As someone going through early signs of “the change,” reading Flash Count Diary by Darcey Steinke has been both captivating and somewhat bleak. It’s a heavily researched memoir, a dissertation on menopause – a word that still feels a bit dirty in our mouths thanks to some man still running the system.
As Steinke reminds us, menopausal women slowly – or sometimes not so slowly – become invisible in society. She explains the physical and emotional changes through personal experience, research, and carefully interwoven quotations from poets, authors, and psychologists. It’s a great read.
There is something so helpful in having someone light the path for you, even if they illuminate the grimy, spooky parts of the forest to come. Perhaps especially for this reason.
In her discussion, Steinke includes the relationship with her deceased Mother, assessing her Mother’s lasting influence and sorting through pieces of her Mother’s broken identity in midlife: her unraveling marriage, her loss of self, and her rage toward men and society at large. Now that Steinke is past fifty and has gone through the change herself, she is able to see her Mother’s middle-age rage through clearer, more compassionate eyes.
I am trying to see myself with more compassion lately, too.
As I write this, there are fake skeletal bones still strewn across my yard from Halloween, though they are disorganized and misplaced by the wind now. Remnants from the festive holiday. A jack-o-lantern sits rotting on my porch, his teeth turning inward, spots of black mold beginning to appear inside his hollow body.
I don’t know why we haven’t moved or thrown away these items yet. I have told myself it’s for my 9-year-old son. He does, after all, have an aversion to moving on. But there’s been something poetic and cathartic in these remnants for me. These everyday reminders of a time well-celebrated.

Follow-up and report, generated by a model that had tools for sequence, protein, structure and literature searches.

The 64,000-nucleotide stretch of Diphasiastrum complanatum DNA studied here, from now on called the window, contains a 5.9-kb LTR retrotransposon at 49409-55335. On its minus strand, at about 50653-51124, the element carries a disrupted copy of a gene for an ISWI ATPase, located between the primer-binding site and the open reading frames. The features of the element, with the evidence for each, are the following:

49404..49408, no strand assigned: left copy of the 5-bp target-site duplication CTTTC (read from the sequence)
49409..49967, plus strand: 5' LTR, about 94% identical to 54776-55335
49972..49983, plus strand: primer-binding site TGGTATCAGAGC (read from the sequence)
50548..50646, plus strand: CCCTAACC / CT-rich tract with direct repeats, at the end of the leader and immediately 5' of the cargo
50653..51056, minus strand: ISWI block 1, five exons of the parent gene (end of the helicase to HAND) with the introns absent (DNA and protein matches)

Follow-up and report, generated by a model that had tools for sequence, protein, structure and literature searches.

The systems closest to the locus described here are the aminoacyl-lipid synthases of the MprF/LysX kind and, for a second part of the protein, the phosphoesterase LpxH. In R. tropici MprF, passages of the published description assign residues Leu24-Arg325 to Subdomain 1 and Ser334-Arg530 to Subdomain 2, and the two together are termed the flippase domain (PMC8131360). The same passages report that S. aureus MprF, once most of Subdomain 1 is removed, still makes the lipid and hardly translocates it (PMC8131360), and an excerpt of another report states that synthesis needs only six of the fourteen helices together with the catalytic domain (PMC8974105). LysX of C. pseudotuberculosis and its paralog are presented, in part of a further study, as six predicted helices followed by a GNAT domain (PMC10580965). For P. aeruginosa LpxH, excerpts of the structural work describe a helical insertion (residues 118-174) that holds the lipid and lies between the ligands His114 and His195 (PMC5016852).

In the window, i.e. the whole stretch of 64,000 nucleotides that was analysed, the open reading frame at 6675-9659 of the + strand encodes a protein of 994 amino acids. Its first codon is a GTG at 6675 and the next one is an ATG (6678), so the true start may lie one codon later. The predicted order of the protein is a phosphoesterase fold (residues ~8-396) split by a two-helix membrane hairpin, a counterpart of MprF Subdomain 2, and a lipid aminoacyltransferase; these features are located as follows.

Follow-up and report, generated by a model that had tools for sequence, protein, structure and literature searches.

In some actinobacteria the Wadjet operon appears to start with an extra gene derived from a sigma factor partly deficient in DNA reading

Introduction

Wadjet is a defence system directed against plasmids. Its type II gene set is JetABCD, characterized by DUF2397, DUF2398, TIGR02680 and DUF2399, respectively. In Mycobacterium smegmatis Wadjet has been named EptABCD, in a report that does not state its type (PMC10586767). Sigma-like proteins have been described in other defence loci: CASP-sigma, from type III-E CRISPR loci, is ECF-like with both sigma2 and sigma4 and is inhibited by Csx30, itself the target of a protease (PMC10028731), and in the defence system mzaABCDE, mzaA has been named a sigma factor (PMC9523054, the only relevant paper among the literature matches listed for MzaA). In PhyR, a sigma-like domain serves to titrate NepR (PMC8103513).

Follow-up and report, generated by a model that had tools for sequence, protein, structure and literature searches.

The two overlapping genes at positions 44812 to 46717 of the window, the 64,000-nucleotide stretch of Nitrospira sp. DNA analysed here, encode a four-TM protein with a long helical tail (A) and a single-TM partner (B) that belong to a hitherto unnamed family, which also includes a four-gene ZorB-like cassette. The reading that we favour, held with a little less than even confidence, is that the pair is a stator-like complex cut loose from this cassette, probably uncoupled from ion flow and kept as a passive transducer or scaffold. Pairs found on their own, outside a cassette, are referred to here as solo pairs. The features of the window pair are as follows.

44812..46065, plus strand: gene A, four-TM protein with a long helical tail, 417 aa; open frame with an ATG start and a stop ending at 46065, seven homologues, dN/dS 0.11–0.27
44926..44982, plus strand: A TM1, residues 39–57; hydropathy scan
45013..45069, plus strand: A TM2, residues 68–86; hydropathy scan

Maybe it’s more than that. Maybe it’s the clinging of my own self to the ground. I see myself in those fake bones, an attachment to the here and now, a reminder of what I’ve lost, of what’s still here, and of what’s needing to be buried.
Steinke describes being physically and/or figuratively born from her Mother three times: at birth, in adolescence, and shortly after her Mother’s death. But she intuits “she must go another round or else her Mother won’t stay buried.” As a reader, this seems to mean incorporating her Mother into the long arc of the story, weaving her into the collective “women’s experience” within a patriarchal society that is downright demeaning toward women, particularly those past a certain age.
I am grasping this same concept as I near 47, as my fertile years grow closer to ending. Only, I am unsure how to reckon with lost youth, aging/dying parents, and the call to rattle the cages of midlife. It’s all quite a tall order to contemplate at once.
But contemplate we must.
Maybe part of moving on, of carrying our knowledge with us and coloring our picture of the future a pretty color is deciphering which bones are fake and which ones are real. What part of my past have I imagined is haunting me vs. what really needs to be reconciled? Which part of my youth needs more dirt on the expansive plot? What can I do to heal the many wounds inflicted upon me for being female in a society that somehow still seems to favor the male sex? And most importantly, now that I am at my strongest and wisest, with so many stronger and wiser years to come, how do I shut out the voices that might try to muzzle me for being past some artificial prime?
It’s a lot. I know.
Thankfully, we can work it out with each other and with books like Steinke’s.
For now, I think it’s time to gather the fake bones from the yard. To feel my feet still upon the ground and take stock of what to put underneath it.